WASHINGTON — President Joe Biden on Thursday will announce sweeping new federal COVID-19 vaccine requirements affecting as many as 100 million Americans.
The biggest move will require large companies to mandate vaccines for their employees or test for the coronavirus on a weekly basis. More than 208 million Americans have received at least one dose of the COVID vaccines.
The new requirements are part of a new White House "action plan" to address the rise of COVID-19 cases and slowing pace of shots.
How can the federal government mandate a vaccine?
The requirement for large companies to mandate vaccinations or weekly testing for employees will be enacted through a forthcoming rule from the Occupational Safety and Health Administration that carries penalties of $14,000 per violation, an administration official said. The White House did not immediately say when it would take effect, but said workers would have sufficient time to get vaccinated.
The rule would also require that large companies provide paid time off for vaccination.
What COVID vaccine is FDA approved in the US?
Pfizer's two-dose COVID-19 vaccine received full approval from the U.S. Food and Drum Administration in late August.
Moderna's two-dose vaccine, along with Johnson and Johnson's single-dose shot have been approved for months through an emergency use authorization, or EUA, from the FDA.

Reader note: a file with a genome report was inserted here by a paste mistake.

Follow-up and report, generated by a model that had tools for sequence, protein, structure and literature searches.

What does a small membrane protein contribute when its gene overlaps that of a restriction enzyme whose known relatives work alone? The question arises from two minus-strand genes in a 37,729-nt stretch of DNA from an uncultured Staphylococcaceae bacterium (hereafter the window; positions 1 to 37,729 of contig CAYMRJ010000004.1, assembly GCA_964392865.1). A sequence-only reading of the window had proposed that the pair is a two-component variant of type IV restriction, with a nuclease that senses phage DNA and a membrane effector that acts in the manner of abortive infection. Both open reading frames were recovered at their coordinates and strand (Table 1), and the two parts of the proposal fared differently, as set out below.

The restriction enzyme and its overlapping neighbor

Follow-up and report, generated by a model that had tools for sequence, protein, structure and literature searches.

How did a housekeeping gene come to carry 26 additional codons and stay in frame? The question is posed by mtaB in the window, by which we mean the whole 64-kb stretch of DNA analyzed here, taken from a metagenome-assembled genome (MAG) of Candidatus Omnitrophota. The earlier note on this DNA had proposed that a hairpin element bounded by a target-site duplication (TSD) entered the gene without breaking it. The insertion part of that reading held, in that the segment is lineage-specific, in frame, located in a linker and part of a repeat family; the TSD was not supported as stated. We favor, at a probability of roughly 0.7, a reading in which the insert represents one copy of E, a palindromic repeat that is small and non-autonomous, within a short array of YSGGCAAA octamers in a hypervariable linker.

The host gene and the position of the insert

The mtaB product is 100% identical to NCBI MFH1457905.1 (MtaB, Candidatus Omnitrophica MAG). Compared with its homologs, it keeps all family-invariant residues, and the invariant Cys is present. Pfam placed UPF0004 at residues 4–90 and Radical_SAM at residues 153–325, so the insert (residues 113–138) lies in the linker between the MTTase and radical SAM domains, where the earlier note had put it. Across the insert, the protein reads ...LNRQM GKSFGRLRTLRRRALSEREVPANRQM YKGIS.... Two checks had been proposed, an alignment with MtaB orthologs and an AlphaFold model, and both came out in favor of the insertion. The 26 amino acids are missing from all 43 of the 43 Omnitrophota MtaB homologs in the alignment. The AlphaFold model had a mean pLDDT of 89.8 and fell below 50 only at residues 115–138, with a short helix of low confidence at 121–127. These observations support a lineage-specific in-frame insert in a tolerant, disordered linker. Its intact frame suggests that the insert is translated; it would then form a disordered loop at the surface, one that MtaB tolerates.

Can employers require a coronavirus vaccine?
Yes. Private companies and government agencies can require their employees to get vaccinated as a condition of working there. Individuals retain the right to refuse, but they have no ironclad right to legal protection.
Do federal employment laws prohibit employers from requiring COVID-19 vaccines?
No, VERIFY found that according to the Equal Employment Opportunity Commission (EEOC), there are no federal laws in place stopping an employer from requiring employees to be vaccinated as long as the employer makes reasonable accommodations to comply with the American Disabilities Act.
Charles Johnson, a labor and employment lawyer based in North Carolina, told VERIFY employers must also provide accommodation for employees who have religious reasons for not getting vaccinated. But otherwise, he says employers can generally require vaccinations.
“Governments, employers and others can mandate vaccines in the interest of public health and safety,” he said. “And there are very few limitations.”
Erin Jones and Brandon Lewis with VERIFY contributed to this report.